UK real estate funds slowly resume trading post-Brexit

Anti-EU vote had caused asset runs, withdrawal restrictions

Sep.September 14, 2016 04:30 PM

From the New York website: U.K. private real estate funds that halted trading after Britain’s June vote to leave the European Union are returning to the market.

Columbia Threadneedle Investments, an asset manager, said Monday that its British real estate fund would allow investors to invest and withdraw money again this month. Two other asset managers, Canada Life and Aberdeen Asset Management, had lifted their own withdrawal restrictions on their U.K. real estate funds earlier this month.

Several open-ended real estate funds that hold U.K. properties either blocked withdrawals or made them costly by raising fees in the wake of the June 23 Brexit referendum. The vote sent shivers through the real estate market and caused an asset run on property funds. Unlike closed-end funds, open-ended funds allow investors to withdraw money on short notice. But because they own real estate and that tends a while to sell, a wave of withdrawals can quickly threaten a fund’s stability.

“Any effects of the Brexit vote on the overall U.K. economy, negative or otherwise, will take many months if not years to transpire, and sometime after that for the property market,” Don Jordison, managing director of property at Columbia Threadneedle Investments, said in a statement, the Wall Street Journal reported.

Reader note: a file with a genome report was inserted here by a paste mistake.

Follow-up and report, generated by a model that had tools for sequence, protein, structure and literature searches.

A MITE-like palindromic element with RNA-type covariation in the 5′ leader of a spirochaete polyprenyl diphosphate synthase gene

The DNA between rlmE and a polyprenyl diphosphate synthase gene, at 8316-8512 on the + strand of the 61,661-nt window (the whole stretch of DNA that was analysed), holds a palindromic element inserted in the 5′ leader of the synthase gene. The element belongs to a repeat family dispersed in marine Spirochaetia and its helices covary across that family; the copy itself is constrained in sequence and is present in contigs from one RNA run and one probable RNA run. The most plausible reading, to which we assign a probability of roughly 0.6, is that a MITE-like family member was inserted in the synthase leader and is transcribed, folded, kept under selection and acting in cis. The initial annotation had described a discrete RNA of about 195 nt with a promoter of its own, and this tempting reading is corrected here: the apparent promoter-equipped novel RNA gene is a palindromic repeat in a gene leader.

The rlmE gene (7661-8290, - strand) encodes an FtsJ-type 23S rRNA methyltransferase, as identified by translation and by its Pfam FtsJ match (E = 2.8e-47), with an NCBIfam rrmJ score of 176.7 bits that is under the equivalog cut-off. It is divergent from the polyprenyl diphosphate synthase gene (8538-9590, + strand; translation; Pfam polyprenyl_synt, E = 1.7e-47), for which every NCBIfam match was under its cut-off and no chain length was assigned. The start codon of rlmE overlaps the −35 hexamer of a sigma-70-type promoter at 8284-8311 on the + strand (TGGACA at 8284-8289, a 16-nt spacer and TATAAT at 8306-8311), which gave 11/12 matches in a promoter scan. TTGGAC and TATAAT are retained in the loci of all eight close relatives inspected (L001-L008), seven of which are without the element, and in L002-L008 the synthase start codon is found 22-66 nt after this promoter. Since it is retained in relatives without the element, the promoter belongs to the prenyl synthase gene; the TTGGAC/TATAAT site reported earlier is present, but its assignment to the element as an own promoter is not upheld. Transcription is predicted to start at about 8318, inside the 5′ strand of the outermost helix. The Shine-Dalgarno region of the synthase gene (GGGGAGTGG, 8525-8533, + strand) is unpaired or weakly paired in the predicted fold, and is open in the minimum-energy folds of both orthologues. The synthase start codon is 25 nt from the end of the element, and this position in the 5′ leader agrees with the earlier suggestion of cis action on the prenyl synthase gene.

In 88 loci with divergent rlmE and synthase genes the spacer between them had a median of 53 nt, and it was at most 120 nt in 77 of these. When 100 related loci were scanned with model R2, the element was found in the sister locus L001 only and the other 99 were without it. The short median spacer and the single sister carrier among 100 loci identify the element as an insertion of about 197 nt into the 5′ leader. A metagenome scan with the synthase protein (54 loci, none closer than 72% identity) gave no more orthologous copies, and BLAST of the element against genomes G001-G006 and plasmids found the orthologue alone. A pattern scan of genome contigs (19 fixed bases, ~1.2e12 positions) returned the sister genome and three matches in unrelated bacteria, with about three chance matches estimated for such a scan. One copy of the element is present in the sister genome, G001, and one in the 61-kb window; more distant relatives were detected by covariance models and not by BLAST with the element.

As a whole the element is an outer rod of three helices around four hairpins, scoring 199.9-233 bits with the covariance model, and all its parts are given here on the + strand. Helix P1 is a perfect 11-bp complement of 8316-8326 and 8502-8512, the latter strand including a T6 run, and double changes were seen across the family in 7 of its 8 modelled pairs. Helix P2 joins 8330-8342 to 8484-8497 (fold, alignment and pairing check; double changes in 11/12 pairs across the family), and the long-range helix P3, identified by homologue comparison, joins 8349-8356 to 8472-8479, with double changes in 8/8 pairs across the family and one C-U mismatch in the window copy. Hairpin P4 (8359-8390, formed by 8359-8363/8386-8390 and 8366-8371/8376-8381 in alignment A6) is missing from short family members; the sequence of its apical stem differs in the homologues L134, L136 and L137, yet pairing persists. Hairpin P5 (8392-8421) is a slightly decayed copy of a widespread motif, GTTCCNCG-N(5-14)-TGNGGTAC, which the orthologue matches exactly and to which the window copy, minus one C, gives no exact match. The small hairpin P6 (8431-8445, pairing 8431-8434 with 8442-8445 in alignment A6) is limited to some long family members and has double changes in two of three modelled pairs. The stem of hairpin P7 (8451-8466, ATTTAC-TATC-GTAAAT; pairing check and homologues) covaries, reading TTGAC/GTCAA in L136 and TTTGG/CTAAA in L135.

According to the Journal, the market has fared better than expected in the wake of the Brexit, with discounts on sales not as steep as in previous cycles.

Several major U.K. real estate funds, including Standard Life Investments, Aviva Investors and M&G Investments, still remain closed to withdrawals. Aviva said it wouldn’t reopen its real estate fund for six months.

By weakening the U.K’s real estate market, the Brexit vote could push NYC ahead of London on luxury residential properties. The NYC investment sales market is also expected to receive a hearty boost, according to some market observers.  [WSJ]Konrad Putzier


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